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lib/42636: [dM] t_getstr potential memory overrun

>Number:         42636
>Category:       lib
>Synopsis:       [dM] t_getstr potential memory overrun
>Confidential:   no
>Severity:       serious
>Priority:       low
>Responsible:    lib-bug-people
>State:          open
>Class:          sw-bug
>Submitter-Id:   net
>Arrival-Date:   Mon Jan 18 07:30:00 +0000 2010
>Originator:     der Mouse
>Release:        NetBSD 4.0.1
System: NetBSD iMac-backup.Rodents-Montreal.ORG 4.0.1 NetBSD 4.0.1 
(IMAC-BACKUP) #2: Thu Dec 31 09:47:34 EST 2009 
Architecture: i386
Machine: i386
        The manpage description of t_getstr describes the area and
        limit parameters saying that the "limit parameter that gives
        the number of characters that can be inserted in to the array
        pointed to by area", adding that it "is updated [...] to give
        the number of characters that remain available in area", and
        that if area is nil then "the size required to hold the
        capability string will be returned in limit".

        However, this is not quite the reality.  The area pointer is
        advanced by one more than the limit parameter is decreased by,
        leading to a potential buffer overrun by as many bytes as there
        are string capabilities involved - the limit advance does not
        take the \0 into account, while the area pointer advance does.
        Also, the returned limit value for a nil-pointer area call is
        the amount the limit value would have been decreased by, not
        the number of bytes that would have been copied if the area
        pointer had been non-nil, thus inviting the caller to allocate
        one byte too few.  (Fortunately, the buffer overrun is more
        difficult to exploit than most buffer overruns, since the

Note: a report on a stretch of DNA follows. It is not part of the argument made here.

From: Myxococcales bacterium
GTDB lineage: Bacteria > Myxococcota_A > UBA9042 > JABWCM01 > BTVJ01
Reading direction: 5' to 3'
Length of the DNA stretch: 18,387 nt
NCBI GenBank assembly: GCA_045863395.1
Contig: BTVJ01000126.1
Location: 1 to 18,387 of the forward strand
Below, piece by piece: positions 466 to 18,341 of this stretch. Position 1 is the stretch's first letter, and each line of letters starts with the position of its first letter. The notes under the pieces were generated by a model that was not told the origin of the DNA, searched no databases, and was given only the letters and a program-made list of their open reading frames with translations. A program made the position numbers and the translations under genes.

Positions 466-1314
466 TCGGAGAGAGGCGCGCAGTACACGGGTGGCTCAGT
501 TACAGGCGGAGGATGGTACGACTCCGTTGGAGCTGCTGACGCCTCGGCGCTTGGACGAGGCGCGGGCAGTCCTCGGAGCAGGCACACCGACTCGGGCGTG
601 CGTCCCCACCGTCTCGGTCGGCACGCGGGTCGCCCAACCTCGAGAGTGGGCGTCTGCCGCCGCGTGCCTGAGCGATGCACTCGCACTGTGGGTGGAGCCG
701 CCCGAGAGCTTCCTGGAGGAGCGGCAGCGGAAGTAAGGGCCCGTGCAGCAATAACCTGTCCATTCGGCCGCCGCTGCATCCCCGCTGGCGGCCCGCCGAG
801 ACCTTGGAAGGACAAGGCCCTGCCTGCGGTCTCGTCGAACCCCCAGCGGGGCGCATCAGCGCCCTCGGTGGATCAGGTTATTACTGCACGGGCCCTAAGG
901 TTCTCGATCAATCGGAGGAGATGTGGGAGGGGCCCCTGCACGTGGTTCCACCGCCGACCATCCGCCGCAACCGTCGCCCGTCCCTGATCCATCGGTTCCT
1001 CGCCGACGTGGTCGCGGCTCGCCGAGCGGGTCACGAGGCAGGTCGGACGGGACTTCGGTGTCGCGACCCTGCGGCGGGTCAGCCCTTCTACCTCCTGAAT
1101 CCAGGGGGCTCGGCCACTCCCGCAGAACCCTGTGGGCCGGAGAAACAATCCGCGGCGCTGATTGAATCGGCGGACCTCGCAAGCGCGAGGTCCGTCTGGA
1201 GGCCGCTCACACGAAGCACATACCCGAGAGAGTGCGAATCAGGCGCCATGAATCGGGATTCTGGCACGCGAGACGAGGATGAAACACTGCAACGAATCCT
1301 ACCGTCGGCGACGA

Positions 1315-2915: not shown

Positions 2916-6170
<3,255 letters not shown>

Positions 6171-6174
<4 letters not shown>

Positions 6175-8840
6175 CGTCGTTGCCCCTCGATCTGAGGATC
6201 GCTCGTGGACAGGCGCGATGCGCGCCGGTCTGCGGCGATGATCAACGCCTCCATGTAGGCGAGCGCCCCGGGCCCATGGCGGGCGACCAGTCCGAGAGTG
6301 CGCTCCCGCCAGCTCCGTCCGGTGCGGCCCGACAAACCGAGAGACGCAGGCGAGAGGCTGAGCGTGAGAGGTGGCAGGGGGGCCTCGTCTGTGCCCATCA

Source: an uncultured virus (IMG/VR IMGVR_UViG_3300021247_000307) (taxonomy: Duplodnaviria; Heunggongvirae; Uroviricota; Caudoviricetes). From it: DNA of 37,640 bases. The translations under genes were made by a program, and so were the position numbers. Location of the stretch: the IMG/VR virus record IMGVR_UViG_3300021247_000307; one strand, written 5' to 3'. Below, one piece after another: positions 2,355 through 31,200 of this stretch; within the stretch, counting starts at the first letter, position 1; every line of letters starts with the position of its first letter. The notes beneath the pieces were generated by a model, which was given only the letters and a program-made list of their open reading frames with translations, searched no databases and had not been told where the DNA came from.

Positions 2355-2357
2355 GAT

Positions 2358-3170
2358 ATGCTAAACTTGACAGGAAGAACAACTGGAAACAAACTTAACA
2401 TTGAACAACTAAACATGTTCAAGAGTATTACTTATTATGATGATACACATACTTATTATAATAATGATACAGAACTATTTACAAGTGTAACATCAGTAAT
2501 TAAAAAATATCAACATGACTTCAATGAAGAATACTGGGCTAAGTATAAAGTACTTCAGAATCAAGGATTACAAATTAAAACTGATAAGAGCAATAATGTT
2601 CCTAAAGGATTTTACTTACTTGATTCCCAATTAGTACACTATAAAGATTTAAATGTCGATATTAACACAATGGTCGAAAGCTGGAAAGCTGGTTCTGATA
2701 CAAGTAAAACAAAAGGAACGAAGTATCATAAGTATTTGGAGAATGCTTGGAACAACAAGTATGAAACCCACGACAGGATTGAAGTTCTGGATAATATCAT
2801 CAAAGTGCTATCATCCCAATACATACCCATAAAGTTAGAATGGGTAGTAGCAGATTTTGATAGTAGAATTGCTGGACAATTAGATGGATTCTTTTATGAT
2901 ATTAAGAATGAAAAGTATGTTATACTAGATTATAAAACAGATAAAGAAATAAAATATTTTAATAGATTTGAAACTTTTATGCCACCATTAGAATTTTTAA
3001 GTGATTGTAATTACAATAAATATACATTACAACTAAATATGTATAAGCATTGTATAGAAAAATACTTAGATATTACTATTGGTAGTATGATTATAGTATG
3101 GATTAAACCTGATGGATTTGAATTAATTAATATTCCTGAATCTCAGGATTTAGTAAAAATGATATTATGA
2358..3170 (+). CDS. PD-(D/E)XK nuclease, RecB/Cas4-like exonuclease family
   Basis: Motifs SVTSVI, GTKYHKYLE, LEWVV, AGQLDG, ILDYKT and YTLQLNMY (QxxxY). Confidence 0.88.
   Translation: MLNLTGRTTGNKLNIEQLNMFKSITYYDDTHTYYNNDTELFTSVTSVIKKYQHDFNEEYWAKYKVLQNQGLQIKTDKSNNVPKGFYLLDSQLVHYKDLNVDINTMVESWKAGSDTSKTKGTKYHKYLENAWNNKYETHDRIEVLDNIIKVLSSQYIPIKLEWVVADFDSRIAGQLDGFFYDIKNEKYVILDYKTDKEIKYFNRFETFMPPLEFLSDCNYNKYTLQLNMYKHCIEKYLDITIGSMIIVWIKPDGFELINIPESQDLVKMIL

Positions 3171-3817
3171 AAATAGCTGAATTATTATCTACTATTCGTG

overrun data is not very controllable by the attacker in most

        It's possible there's actually a standard somewhere that
        specifies this bizarre bug-inviting behaviour.  This is serious
        enough that I would actually recommend ignoring any such
        standard; if NetBSD does not want to do that, this should then
        be reclassified as a doc-bug and warnings splashed all over the
        manpage that the behaviour is severely counterintuitive and the
        pointer and limit variables must be treated very carefully to
        avoid buffer overrun bugs.
        % cat z.c
        #include <stdio.h>
        #include <errno.h>
        #include <stdlib.h>
        #include <termcap.h>
        extern const char *__progname;
        static void fail(const char *why)
         fprintf(stderr,"%s: %s\n",__progname,why);
        int main(void);
        int main(void)
         struct tinfo *inf;
         char area[64];
         char *ap;
         size_t lim;
         char *cap;
         if (t_getent(&inf,"vt100") != 1) fail("can't look up vt100");
         ap = &area[0];
         lim = sizeof(area);
         cap = t_getstr(inf,"bl",&ap,&lim);
         if (cap == 0) fail("can't look up bl capability");
         printf("area pointer advanced by %d\n",(int)(ap-&area[0]));
         printf("limit reduced by %d\n",(int)(sizeof(area)-lim));
         errno = 0;
         lim = 0;
         if (errno) fail("can't nil-pointer check bl capability");
         printf("nil-pointer length is %d\n",(int)lim);
        % cc -o z z.c
        % ./z
        area pointer advanced by 2
        limit reduced by 1
        nil-pointer length is 1
        Relative to termcap.c,v 1.49:

        --- termcap.c.orig      2010-01-17 11:56:50.000000000 -0500
        +++ termcap.c   2010-01-17 11:58:22.000000000 -0500
        @@ -384,6 +384,7 @@
                        return NULL;
        +       i ++; /* account for the NUL */
                if (area != NULL) {
                         * check if there is room for the new entry to be put 
        @@ -398,7 +399,7 @@
                        (void)strcpy(*area, s);
                        s = *area;
        -               *area += i + 1;
        +               *area += i;
                        if (limit != NULL) *limit -= i;
                        return (s);

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        Also believed present as far back as 1.4T - probably anything
        with the t_* termcap routines.  May be present in more recent
        versions too; I don't have anything newer at ready hand.

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